The subject of a 1994 Frontline documentary titled School Colors, Berkeley High School is known as a place where racial tensions heat the atmosphere, sometimes to a boiling point. So it's hardly surprising that one of its more celebrated alumni, playwright Itamar Moses, chose it as the setting of his new work, Yellowjackets, now at the Berkeley Repertory Theatre. "The single most courageous thing about this play is that Itamar is taking racism -- the most volatile taboo subject in our culture -- and outing it," says Tony Taccone, the show's director and the theater's artistic director.
"We had had our eye on Itamar for awhile and when we approached him, the first thing out of his mouth was -- I want to write a piece about Berkeley High," recalls Taccone. In the play, the school's newspaper, The Jacket, publishes a racially insensitive story, resulting in a conflict that affects teachers and students alike. Taccone thinks that it will challenge local audiences since "It's a portrait of a place that people have a strong opinion about because they live in it, and think they know it. So, it should be interesting to see what kind of controversy it sparks."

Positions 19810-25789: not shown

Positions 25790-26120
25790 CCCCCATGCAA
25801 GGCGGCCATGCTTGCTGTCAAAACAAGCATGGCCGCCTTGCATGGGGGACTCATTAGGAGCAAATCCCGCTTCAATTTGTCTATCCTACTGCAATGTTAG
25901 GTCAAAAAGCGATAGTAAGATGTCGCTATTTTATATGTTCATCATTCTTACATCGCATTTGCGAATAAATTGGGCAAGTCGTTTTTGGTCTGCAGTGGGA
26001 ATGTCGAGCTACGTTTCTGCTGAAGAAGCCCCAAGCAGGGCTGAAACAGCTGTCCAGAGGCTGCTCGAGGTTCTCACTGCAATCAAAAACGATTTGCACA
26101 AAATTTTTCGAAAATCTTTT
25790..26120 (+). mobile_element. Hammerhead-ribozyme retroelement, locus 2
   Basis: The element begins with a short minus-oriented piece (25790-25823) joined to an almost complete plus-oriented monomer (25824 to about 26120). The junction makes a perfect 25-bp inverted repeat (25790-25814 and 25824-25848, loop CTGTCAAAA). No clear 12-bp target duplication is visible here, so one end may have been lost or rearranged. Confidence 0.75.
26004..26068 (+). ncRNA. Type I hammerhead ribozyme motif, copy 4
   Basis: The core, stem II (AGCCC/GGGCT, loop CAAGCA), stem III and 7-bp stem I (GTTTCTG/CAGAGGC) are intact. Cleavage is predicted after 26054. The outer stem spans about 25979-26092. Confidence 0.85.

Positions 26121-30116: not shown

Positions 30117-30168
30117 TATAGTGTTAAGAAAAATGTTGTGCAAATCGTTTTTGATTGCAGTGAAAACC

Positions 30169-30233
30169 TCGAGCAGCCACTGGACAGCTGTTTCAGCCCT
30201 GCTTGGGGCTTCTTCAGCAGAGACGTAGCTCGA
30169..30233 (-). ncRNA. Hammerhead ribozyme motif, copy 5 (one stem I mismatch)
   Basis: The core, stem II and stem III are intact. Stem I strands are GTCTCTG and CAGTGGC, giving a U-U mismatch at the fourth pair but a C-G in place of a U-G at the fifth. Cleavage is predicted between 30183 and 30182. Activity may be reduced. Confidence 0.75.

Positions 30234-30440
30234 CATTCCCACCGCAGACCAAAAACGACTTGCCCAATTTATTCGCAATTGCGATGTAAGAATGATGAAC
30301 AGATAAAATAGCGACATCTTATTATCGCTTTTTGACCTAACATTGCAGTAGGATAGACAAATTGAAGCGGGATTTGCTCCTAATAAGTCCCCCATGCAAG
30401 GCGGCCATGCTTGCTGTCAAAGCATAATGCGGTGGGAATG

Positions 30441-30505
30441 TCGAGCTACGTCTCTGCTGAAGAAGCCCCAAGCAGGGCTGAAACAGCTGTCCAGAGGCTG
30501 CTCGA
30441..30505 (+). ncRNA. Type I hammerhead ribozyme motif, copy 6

Moses -- who will also be represented on many regional stages this year by such works as The Four of Us and Back, Back, Back -- has added an extra twist to the fabric of the play by double-casting all the characters as both students and faculty at the school. "He's written an adult play for younger actors -- it's very complicated, dense, and sophisticated," explains Taccone. "Finding people who can do this is not easy."
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